D. M. Thomas paints a deeply affecting portrait of the intricate relationship between Solzhenitsyn's life and his art, always framing this biography in the context of the historical times. Indeed, Thomas tells not only the harrowing and sorrowful tale of Alexander Solzhenitsyn's life but also the painful story of Russia itself, a country perpetually at war with itself and its own diverse people. Beginning with the years of Revolution and Civil War, Solzhenitsyn's dramatic life embodies the cruelty, passion, and chaos that have characterized Russian history over the last century. Thomas's account covers extensively all the major periods of the Russian author's remarkable life, from childhood to his years in the Stalinist labor camps, his battle against censorship and his expulsion from the U.S.S.R. in 1974, and his Vermont period and return to a Russia that has shed its Communist cloak but not its dark interior.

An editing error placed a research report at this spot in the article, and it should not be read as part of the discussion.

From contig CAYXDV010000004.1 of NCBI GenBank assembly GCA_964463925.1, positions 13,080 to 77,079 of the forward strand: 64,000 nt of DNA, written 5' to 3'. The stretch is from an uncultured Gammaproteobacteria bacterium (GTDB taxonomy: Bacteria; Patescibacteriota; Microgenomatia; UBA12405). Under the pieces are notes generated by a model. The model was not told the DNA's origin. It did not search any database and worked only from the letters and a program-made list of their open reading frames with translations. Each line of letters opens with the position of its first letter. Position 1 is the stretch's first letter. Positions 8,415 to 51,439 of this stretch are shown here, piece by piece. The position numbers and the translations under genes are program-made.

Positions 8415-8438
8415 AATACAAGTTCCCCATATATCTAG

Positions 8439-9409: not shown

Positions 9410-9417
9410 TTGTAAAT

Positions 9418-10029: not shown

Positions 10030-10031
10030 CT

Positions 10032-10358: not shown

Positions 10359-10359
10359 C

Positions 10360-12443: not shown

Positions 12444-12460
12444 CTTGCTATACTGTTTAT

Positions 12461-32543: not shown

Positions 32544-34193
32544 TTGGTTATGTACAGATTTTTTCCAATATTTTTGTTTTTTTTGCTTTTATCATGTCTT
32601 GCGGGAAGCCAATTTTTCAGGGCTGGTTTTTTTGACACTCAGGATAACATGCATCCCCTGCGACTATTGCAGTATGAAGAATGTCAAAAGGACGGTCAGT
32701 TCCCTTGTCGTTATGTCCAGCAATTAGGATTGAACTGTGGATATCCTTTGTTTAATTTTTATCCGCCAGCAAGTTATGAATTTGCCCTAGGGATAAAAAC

I would concur with the excellent reviews here. Without resorting to hagiography we get I think a pretty well rounded portrait of a man. A great writer no doubt, a flawed, intensely driven human being as well. Solzhenitsyn the Giant-Slayer of the USSR! This biography deserves